“harm created not out of malice but habit”

“We don’t have an admissions problem, we have a completion problem. Recognizing this means re-thinking who college is for. College is run by those of us who did well in college, so we tend to underestimate the harm we do to students whose lives aren’t like ours, harm created not out of malice but habit.” Clay Shirky, The digital revolution in higher education has already happened. No one noticed.

There’s a sentence that’s a kick in the teeth. All the more so because it feels like confirmation of something I’ve been worrying about.

This year my home institution welcomed an incoming class in which 43% of our students, largely the traditionally-aged 18 year olds, self-identified as a racial minority. Many of those students are, loosely, from Downstate, which is to say, New York City and its environs.

I am a married, straight 40 year old white woman from a small farm town in rural Illinois who lives in Potsdam because it’s like where I grew up.

Last week I reached out to our Center for Diversity on campus, writing,

“I have had on my to-do list for a shamefully long time an item that says “CFD: student group outreach.”  It’s past time for me to do it. Here’s what I’d like to do: I want to meet with BSA, Soca Loca, and any other groups you would recommend — on their schedule, I’ll come to them — to ask them what they’d like me to know about the libraries, about how they interact with our staff and services, and about what they would like to see us change, add, or do. I obviously can also answer questions, but my goal is not to tell them things, but to listen. Ultimately I’ll take the feedback I get and make a plan for making changes where change is needed, and then report back on what we’ve done and why.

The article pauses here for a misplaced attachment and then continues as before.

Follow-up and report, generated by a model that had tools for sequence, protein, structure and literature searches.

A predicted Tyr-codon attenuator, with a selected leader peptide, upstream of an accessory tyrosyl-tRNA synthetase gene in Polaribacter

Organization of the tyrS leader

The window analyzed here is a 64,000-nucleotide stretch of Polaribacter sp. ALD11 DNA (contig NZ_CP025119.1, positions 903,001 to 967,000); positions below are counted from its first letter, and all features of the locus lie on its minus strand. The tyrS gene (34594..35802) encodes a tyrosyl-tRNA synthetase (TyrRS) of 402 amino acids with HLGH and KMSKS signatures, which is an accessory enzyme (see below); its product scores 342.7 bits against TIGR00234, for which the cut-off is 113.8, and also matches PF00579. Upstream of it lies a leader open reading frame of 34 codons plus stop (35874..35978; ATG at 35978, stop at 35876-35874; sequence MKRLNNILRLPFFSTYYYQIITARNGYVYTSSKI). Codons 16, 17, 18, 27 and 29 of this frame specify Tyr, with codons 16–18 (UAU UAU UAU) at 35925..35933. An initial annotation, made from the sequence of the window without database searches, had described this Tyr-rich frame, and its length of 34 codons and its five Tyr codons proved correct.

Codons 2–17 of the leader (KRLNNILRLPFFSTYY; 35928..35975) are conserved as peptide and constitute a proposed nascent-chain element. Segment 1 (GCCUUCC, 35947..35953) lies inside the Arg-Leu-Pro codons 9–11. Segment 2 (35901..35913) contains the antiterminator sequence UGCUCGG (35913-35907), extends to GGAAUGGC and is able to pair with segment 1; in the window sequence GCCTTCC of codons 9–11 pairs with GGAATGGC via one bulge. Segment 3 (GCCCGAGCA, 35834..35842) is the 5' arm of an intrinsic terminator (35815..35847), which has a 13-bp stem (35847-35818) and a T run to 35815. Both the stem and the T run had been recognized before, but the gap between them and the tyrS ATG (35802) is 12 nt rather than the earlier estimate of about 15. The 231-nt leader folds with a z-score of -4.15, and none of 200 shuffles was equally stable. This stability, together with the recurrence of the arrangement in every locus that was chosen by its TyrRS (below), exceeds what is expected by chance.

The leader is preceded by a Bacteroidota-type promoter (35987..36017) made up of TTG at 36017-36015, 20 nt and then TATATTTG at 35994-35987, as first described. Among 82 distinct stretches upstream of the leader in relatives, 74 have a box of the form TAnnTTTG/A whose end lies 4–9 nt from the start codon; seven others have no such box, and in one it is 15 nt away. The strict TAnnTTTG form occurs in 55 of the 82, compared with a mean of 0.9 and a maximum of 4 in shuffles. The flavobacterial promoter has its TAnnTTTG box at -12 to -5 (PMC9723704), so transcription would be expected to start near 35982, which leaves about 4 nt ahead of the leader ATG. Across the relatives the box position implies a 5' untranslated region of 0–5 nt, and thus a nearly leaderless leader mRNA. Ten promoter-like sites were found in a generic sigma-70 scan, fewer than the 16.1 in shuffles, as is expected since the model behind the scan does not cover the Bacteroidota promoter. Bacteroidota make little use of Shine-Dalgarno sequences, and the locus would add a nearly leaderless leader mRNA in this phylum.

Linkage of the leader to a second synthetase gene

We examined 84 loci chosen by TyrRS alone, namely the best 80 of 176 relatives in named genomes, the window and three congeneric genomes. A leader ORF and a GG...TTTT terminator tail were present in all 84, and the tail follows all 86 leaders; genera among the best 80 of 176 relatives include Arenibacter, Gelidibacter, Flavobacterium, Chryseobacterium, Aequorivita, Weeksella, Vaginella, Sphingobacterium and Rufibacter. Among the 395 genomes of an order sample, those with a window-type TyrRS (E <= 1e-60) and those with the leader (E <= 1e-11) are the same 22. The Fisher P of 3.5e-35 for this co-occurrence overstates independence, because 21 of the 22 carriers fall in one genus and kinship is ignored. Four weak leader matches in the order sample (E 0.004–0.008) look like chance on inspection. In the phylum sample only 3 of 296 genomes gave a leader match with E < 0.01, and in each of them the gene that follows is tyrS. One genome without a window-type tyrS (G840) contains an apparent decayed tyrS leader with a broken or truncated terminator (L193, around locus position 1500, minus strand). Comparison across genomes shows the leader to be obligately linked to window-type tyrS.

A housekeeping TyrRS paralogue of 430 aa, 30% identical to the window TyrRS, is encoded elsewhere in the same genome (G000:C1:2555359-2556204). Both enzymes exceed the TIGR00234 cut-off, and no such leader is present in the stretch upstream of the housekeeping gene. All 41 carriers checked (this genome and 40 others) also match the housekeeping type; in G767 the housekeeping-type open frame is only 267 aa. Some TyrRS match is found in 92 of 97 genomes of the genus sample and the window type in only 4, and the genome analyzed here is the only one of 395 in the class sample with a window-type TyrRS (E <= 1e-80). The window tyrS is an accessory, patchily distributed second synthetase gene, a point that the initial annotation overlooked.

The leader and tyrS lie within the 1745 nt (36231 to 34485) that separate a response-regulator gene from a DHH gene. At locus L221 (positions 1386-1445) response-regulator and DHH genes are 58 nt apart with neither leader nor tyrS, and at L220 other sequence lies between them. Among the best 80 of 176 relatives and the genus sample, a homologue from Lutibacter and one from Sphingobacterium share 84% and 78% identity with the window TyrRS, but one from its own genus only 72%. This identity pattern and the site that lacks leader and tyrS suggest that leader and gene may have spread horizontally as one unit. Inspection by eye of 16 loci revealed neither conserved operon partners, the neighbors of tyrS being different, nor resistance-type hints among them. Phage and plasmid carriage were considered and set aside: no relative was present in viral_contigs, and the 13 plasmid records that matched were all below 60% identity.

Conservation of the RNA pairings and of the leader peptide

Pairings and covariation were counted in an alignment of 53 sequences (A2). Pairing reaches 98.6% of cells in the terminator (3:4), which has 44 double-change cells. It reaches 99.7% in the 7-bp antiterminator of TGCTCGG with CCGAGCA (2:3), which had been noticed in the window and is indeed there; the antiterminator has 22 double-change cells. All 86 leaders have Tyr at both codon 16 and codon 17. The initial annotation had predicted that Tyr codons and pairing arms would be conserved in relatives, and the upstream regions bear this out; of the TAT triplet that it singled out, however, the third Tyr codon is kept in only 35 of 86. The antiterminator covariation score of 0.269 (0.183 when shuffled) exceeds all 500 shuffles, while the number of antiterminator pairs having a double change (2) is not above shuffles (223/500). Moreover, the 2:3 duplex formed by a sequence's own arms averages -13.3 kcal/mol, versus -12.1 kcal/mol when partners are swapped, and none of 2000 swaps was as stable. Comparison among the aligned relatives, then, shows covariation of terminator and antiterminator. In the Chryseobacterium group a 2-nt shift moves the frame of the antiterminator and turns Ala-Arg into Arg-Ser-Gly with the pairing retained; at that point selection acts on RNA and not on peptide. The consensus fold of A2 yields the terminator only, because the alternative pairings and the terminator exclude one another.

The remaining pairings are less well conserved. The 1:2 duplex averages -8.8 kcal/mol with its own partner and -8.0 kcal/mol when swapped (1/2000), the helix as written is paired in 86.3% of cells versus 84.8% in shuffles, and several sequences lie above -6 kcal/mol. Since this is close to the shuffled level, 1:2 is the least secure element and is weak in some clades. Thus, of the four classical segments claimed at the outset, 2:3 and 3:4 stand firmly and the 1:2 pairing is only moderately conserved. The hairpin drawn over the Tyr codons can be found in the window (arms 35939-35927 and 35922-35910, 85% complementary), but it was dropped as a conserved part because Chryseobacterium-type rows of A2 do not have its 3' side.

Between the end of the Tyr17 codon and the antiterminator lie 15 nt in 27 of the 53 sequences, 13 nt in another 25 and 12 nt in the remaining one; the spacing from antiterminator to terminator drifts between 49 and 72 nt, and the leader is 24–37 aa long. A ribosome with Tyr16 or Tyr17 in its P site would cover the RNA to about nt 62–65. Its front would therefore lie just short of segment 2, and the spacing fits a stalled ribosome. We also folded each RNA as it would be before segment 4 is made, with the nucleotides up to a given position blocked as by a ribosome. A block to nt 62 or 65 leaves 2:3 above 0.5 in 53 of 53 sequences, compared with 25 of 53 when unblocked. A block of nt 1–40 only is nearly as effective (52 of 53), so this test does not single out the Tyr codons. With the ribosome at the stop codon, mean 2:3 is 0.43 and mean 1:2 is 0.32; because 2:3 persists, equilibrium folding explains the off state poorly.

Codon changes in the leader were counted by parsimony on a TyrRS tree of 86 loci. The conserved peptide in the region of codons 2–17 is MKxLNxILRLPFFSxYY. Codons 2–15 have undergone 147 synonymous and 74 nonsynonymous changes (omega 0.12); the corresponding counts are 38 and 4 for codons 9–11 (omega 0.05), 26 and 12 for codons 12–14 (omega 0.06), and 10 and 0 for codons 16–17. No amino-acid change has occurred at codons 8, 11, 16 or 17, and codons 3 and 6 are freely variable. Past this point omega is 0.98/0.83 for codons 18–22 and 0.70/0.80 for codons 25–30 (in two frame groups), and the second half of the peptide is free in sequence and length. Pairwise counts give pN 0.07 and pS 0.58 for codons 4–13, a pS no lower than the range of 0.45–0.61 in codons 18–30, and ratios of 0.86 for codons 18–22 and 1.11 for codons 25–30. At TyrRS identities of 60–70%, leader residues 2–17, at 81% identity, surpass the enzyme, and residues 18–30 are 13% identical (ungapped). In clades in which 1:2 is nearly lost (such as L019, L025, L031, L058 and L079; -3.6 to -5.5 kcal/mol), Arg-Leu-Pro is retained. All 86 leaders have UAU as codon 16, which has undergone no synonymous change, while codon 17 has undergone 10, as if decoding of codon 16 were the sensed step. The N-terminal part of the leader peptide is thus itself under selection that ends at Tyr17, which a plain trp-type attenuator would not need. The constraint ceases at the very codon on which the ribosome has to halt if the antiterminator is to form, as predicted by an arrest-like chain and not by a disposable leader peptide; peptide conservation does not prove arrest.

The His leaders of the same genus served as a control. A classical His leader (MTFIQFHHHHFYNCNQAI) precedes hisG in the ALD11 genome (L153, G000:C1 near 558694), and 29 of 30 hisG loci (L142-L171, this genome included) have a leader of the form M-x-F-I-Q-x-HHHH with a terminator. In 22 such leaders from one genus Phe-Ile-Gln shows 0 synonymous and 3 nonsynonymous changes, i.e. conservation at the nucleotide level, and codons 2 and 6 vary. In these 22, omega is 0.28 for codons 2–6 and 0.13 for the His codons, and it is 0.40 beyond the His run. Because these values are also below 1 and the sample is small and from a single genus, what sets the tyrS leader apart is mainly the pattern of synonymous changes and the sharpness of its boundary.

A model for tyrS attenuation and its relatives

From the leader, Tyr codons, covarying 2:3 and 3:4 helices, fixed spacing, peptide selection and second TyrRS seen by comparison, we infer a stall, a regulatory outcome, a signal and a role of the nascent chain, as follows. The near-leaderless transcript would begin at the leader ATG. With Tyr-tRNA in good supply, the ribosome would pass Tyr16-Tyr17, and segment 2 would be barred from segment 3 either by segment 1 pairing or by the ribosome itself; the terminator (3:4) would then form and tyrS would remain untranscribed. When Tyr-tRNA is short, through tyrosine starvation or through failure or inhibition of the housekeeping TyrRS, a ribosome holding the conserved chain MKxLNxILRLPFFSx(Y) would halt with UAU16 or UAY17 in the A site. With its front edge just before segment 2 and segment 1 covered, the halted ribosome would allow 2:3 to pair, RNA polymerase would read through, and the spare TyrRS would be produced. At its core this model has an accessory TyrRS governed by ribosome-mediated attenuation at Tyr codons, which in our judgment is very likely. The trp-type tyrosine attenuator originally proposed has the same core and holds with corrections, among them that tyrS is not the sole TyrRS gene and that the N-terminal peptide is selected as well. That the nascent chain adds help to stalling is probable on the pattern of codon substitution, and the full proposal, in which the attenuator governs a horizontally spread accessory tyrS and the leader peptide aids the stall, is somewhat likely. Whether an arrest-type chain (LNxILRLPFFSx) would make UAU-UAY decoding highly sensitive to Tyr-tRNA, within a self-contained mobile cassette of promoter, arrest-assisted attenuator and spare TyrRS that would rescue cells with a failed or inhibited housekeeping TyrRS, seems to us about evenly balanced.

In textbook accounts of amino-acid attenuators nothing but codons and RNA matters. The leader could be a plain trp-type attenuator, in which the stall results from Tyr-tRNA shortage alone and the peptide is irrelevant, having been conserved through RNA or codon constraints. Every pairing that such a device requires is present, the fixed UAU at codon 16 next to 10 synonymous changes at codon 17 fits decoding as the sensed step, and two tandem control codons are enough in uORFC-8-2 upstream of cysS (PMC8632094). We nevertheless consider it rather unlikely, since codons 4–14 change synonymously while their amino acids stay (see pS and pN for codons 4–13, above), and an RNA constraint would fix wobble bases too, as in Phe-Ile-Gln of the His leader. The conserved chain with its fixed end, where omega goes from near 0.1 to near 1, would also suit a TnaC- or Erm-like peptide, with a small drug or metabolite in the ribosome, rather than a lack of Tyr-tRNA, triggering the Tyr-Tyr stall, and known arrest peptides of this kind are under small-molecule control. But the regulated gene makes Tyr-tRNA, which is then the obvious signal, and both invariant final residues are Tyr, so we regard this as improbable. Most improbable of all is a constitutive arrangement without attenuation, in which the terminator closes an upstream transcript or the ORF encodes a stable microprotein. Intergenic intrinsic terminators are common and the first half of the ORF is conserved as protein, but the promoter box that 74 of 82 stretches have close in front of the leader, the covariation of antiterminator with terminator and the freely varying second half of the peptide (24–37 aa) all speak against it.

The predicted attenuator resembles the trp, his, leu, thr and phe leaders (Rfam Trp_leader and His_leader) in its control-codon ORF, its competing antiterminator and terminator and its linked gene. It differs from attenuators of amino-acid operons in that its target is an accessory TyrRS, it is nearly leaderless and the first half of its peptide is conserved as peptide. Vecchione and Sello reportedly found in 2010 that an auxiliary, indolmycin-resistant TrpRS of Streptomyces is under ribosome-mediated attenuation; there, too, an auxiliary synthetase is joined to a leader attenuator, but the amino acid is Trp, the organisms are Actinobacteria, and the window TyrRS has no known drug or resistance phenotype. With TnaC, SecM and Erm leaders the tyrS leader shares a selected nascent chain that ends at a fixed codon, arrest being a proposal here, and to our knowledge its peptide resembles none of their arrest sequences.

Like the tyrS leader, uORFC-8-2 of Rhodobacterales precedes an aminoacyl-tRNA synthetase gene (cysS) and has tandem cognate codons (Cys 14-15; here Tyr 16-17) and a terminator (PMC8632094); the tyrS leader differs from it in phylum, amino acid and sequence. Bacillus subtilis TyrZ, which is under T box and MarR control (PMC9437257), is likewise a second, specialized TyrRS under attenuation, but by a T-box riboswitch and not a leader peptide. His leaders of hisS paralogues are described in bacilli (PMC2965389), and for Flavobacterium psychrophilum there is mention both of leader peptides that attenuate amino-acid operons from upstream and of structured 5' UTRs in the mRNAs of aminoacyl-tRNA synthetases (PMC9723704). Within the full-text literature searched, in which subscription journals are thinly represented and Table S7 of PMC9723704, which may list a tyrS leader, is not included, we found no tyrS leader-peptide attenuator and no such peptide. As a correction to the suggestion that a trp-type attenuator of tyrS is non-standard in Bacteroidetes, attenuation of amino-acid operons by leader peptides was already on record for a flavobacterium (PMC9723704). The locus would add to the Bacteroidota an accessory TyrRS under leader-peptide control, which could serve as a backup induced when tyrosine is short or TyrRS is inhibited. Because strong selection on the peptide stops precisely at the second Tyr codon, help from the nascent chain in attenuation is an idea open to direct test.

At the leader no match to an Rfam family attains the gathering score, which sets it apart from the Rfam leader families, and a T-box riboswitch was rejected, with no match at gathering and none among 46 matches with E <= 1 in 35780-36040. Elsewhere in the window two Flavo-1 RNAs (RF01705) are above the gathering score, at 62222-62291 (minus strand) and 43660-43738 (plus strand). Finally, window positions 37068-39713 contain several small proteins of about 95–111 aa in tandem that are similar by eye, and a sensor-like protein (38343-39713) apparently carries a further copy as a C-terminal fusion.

What do you think? Are you willing to help me get this organized? Do you have a different approach you think I should take?”

We are in the process of setting up those meetings. I worry that it’s nowhere near enough. I worry because I don’t know what else to do. I worry because my job is to serve our students, to help them succeed, and I think I know how to do that. And I think I might be wrong.


  1. Shirky’s quote sounds accurate, and it’s scary. We want diverse students to succeed, but we don’t always know how to make that happen. Something does need to change, somehow, somewhere.


  2. I can honestly say that this is why my son wants to attend a tech school instead of a 4 year:
    Cost vs earning potential
    A 2 year will qualify him for the same position in less time and he wants to do game design / video graphics which no 4 year offers.
    He loves the library, but doesn’t want to take “unnecessary” classes (humanities- because he never did well with them and he’ll be paying for) don’t get me started.. Ugh.
    So yes, that quote hits me hard and accurately. I see it as an institutional issue as well as a larger societal one.
    Thank you for trying to address it. I appreciate your efforts.


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